Glass window completely ruined by silica etching and pitting

Silica - The Other White Spot and How to Treat it

A common concern from most the homeowners I speak with is that “ugly white film” around their house. The white build-up in question can typically be found on shower doors, appliances, glassware, faucets, etc. Most often the culprit is calcium and magnesium, commonly known as hardness. Hardness can easily be treated with a water softener. However, in some cases the problem persists even after softening. If that’s the situation you are experiencing you probably have Silica Spots.

Silicon Dioxide or Silica (SIO2);

is an oxide of the element silicon which is the second most abundant element found on earth. Silica is present in all natural water supplies in some form. Certain foods such as, strawberries, avocados, onions, root vegetables, wheat, and oat, contain silica. It can also be found in nature in sand, sandstone, quartz, flint, agate, and granite. Studies indicate that silica has health benefits and is needed for bone, cartilage, hair, and nail growth and it can be found in many supplements. Other studies show that Silica has no nutritional value. In either case, it does not appear that silica is harmful to the human body. Because silica is not found to be harmful it is unregulated by the EPA (Environmental Protection Agency).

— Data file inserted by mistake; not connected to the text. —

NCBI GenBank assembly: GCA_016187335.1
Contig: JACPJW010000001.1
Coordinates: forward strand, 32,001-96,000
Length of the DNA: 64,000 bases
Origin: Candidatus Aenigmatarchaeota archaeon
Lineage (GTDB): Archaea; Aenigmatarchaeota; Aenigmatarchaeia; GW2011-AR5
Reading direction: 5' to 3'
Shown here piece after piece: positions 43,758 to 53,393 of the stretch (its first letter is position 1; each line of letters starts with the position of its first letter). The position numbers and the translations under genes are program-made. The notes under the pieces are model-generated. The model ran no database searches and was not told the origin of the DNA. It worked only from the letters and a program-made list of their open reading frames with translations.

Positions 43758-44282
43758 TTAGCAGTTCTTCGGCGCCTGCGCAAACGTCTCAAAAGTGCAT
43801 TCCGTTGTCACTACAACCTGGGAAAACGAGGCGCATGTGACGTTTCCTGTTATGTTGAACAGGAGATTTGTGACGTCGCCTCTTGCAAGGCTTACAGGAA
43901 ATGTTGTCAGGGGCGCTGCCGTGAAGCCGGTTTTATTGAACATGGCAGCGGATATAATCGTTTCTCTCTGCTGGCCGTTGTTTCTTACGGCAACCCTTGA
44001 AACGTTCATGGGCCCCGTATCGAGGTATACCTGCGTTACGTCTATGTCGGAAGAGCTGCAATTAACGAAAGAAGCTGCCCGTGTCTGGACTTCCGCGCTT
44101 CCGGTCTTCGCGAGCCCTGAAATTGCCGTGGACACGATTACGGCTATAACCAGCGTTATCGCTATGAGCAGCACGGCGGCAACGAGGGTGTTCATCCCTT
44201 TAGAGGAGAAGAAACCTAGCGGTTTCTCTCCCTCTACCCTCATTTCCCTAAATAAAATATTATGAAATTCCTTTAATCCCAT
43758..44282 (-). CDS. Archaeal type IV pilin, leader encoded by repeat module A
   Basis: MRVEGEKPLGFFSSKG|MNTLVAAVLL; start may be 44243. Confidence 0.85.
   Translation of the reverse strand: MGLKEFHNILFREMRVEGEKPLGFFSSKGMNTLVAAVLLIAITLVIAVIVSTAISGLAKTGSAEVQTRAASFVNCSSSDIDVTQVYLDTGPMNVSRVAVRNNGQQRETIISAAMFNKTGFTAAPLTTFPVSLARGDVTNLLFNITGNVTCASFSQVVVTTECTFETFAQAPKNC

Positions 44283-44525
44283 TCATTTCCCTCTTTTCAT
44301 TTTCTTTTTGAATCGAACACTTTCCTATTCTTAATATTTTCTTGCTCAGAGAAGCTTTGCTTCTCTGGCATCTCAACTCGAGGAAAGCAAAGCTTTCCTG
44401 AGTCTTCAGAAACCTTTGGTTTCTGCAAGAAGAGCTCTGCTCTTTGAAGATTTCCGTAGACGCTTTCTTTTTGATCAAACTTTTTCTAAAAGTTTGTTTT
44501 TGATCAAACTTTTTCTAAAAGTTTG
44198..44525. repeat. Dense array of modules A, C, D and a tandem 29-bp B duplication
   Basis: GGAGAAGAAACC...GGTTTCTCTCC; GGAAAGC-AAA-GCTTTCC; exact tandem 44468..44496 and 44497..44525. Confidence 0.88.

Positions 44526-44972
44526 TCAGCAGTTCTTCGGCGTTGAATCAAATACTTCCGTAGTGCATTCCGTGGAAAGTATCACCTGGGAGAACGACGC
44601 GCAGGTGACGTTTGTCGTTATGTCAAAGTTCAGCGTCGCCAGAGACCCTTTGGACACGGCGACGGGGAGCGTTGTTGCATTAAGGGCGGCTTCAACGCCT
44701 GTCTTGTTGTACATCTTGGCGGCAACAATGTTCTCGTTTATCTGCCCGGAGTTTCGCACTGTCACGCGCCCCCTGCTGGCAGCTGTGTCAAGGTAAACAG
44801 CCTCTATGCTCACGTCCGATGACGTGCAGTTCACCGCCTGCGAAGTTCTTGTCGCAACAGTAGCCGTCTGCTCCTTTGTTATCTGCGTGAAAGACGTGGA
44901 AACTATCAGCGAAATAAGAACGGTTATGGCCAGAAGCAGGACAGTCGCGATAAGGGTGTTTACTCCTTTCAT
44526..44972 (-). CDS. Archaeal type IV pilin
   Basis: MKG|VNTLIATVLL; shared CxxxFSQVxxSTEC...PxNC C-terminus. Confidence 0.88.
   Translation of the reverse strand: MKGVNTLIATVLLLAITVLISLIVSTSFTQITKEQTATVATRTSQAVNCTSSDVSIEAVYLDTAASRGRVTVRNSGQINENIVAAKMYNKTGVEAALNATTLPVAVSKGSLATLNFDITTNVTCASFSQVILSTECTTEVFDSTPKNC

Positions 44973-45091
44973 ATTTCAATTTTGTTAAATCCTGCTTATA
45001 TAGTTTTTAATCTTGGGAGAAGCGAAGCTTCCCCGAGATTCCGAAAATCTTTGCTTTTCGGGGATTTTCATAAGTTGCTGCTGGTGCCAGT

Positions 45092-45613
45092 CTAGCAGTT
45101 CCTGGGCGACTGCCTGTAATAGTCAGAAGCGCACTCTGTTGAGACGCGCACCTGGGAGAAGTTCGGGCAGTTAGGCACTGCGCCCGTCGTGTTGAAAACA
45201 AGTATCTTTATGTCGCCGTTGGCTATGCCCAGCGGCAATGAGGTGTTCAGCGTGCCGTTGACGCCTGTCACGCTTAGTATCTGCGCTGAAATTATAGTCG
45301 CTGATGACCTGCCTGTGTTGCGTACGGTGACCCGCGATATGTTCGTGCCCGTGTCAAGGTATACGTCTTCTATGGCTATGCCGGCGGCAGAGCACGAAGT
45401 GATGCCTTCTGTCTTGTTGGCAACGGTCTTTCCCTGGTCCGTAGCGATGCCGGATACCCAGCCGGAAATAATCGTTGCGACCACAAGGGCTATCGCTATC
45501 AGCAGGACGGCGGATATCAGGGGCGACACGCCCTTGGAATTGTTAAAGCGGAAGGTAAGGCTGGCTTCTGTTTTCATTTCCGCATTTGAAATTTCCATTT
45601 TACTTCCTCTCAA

In a water supply, silica can exist in a dissolved, particulate or a colloidal form;

A colloid is a very fine suspended particle that does not readily settle. In high concentrations it can form hard white scale deposits. Treatment for silica depends on the form it’s in. It may be possible to remove with a simple filtration process if it’s in a particulate form. If it’s in a colloidal form it may require some chemical addition such as magnesium salts which then need to be followed by filtration or a reverse osmosis (RO) system. If you suspect silica is present in your water supply, there’s an easy way to test the scaling. Wipe the affected area with white vinegar. If the vinegar removes the scale or film, the problem is probably hardness. If vinegar does not clean the area the you likely have a silica spots problem. Needless to say, removal of silica spots isn’t as easy at appears.

Is there a water treatment system for silica?  

A salt based softener will not treat silica and the problem will remain even if the water is soft. Because a salt based softener won't work you will need a treatment designed to handle silica. Our ICS system with PolyHalt® treats both hardness and silica and is highly recommended to protect the down-stream flow and your appliances including, water heaters, dishwashers, washing machine, ice makers, etc. ICS systems are small cartridge based water treatment systems that are convenient, easy to install, and easy to maintain.

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Silica Problems 

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